Nonfluorinated Volatile Copper(I) 1,3-Diketiminates as Precursors for Cu Metal Deposition via Atomic Layer Deposition
Novel nonfluorinated Cu(diketiminate)L complexes with L = neutral olefinic ligand have been prepared as stable, volatile Cu(I) precursors for the deposition of copper films by an atomic layer deposition (ALD) process. Among them, the complexes of 4-a and 5-a are the most volatile and stable at low temperature (55 degrees C). A clean, conformal copper film was deposited at 120 degrees C in an ALD process. These Cu(I) complexes are the first examples of nonfluorinated copper(I) diketiminates that can be readily applied to an industrial microelectronic fabrication process.
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- [Show abstract] [Hide abstract] ABSTRACT: The incorporation of rigid aromatic linkers into β-diketiminate ligands creates a binucleating scaffold that holds two metals near each other. This paper discloses the synthesis, characterization, and reactivity of mBin(2-), which has a meta-substituted xylylene spacer, and pBin(2-), which has a para-substituted xylylene spacer. Lithium, aluminum, and zinc complexes of each ligand are isolated, and in some cases are characterized by X-ray crystallography. The lithium complexes are coordinated to solvent-derived THF ligands, while the zinc and aluminum complexes have alkyl ligands. Complexes of the mBin(2-) ligand have an anti conformation in which the metals are on opposite sides of the macrocycle, while pBin(2-) complexes prefer a syn conformation. The (1)H NMR spectra of the complexes demonstrate that the conformations rapidly interconvert in the lithium complexes, and less rapidly in the zinc and aluminum complexes.0Comments 23Citations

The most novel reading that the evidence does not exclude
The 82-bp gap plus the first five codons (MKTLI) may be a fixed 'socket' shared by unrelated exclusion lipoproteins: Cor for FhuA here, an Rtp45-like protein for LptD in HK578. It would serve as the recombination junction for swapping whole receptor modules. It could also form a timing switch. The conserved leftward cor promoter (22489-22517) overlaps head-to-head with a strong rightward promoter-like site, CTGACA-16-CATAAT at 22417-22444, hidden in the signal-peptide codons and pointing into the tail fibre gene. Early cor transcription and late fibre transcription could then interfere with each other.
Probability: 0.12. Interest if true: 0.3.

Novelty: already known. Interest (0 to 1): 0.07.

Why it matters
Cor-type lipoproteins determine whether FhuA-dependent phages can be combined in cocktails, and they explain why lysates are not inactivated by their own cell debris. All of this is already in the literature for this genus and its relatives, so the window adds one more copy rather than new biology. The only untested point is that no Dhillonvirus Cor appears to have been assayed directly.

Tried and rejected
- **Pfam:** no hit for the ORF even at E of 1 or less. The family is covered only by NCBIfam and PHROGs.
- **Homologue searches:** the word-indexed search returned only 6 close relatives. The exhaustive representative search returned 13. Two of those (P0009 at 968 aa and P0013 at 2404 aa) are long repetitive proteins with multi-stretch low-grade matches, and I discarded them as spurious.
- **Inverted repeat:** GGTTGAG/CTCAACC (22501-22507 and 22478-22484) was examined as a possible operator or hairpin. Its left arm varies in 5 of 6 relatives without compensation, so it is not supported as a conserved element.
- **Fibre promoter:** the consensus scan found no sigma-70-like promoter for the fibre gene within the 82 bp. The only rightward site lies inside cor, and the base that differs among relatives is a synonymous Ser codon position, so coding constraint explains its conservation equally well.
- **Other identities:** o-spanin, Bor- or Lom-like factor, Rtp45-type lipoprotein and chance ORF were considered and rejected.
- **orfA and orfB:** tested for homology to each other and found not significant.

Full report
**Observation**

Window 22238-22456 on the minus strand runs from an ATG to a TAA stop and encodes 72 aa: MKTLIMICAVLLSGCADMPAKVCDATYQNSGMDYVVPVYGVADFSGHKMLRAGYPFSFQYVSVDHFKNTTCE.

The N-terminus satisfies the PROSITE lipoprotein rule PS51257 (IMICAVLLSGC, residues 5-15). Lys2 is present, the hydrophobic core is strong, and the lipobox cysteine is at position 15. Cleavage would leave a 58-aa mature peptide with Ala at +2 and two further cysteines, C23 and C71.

- [Show abstract] [Hide abstract] ABSTRACT: Atomic layer deposition (ALD) is poised to become one of the dominant technologies for the growth of nanometer-thick conformal films in microelectronics processing. ALD is particularly suited for the deposition of isotropic films on complex topographies under mild conditions and with monolayer control. However, many questions concerning the underlying surface chemistry need to be answered before this film deposition methodology can find widespread use. Here we highlight some recent examples of surface-science studies of ALD processes aimed to provide a basic understanding of that chemistry.0Comments 48Citations